The 'St. Elmo's Fire' star is reuniting with many of his former co-stars as they explore the infamous group of '80s heartthrob actors
The Brat Pack is making its long-awaited return to the screen, over 40 years after the group of young actors sat at the top of Hollywood’s totem pole.
Among his other interviews include Breakfast Club alums Ally Sheedy and Emilio Estevez, Pretty in Pink’s Jon Cryer, Back to the Future star Lea Thompson and Ordinary People’s Timothy Hutton. McCarthy also chatted to several key members of production, including directors, casting directors, screenwriters and producers,” per a description of the documentary, the outlet reported.
In his Instagram post, McCarthy said it was “an amazing experience to reunite with so many of the old crew."
Related: Brat Pack: Where Are They Now?
Brats will also see McCarthy — who became an acclaimed travel writer and dabbled in television directing after his run as a Brat Pack member — sit down with David Blum, the New York Magazine writer who crafted the group’s nickname in 1985.
He previously told PEOPLE that he “wasn’t even there” when Blum spent the night with some of the actors and coined the term. “It was just like boom, there it is. And I recoiled from it. The term was cast in a very pejorative way. And the last thing you want in Hollywood is to be boxed in," he said.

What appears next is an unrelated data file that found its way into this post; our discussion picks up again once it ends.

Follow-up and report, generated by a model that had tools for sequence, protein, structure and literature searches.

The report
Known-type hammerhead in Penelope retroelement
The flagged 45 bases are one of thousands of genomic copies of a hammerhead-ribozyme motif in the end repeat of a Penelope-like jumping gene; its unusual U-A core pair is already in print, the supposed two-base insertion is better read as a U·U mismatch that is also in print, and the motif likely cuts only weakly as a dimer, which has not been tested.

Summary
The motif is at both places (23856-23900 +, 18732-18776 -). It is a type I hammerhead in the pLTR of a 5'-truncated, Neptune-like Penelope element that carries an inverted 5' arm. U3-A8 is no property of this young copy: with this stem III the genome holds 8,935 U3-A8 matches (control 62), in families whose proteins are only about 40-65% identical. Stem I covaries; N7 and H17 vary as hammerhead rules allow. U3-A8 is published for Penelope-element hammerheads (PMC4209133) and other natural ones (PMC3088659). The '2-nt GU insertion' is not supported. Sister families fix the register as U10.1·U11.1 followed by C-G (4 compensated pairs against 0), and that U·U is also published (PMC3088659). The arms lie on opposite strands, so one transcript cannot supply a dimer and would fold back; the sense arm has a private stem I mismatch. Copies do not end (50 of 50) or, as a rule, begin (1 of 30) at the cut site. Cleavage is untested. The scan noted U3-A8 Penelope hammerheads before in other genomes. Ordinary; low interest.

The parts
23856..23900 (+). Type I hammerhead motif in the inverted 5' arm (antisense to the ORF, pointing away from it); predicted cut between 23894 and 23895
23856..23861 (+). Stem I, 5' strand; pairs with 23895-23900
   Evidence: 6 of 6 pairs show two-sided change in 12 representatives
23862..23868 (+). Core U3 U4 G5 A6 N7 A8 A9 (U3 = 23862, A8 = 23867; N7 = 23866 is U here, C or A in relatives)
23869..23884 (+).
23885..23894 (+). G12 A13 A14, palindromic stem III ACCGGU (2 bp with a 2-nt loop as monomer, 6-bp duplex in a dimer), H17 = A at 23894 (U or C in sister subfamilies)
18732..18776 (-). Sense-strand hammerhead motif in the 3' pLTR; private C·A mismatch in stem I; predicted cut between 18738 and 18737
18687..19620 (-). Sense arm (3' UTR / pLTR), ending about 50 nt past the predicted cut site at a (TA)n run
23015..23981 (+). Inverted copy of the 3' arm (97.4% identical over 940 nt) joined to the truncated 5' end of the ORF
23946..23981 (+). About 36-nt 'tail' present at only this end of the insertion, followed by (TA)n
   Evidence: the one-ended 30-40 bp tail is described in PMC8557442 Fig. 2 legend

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In a statement about the documentary, McCarthy said, “The Brat Pack has cast a long shadow over my life and career. After all these years, I was curious to see how it had affected my fellow Brat Pack members. What I found was surprising — and liberating.”
The film will explore “how the label caused a frenzy and impacted each of [the actors], personally and professionally,” per Deadline.
The forthcoming Hulu documentary is not the first time McCarthy — who made his big-screen debut in 1985’s St. Elmo’s Fire — has delved into the history of the famous group of actors.
He published a memoir, Brat: An '80s Story, in 2021, which was described as a “revealing look at coming of age in a maelstrom, reckoning with conflicted ambition, innocence, addiction and masculinity,” per the book’s description.
"I’ve carried the brat pack around with me all these years,” McCarthy told PEOPLE in a statement ahead of the memoir’s release. "I thought it was time I took a good look under that rock. What I found surprised me."
He's also admitted that despite some struggles — “I couldn't watch movies I was in for years,” he told PEOPLE last year — "acting saved my life when I was 15 in many ways."
"I discovered acting in the high school play and that was it. And the course of my life was set and it saved me," McCarthy said.
Brats will stream sometime in 2024.
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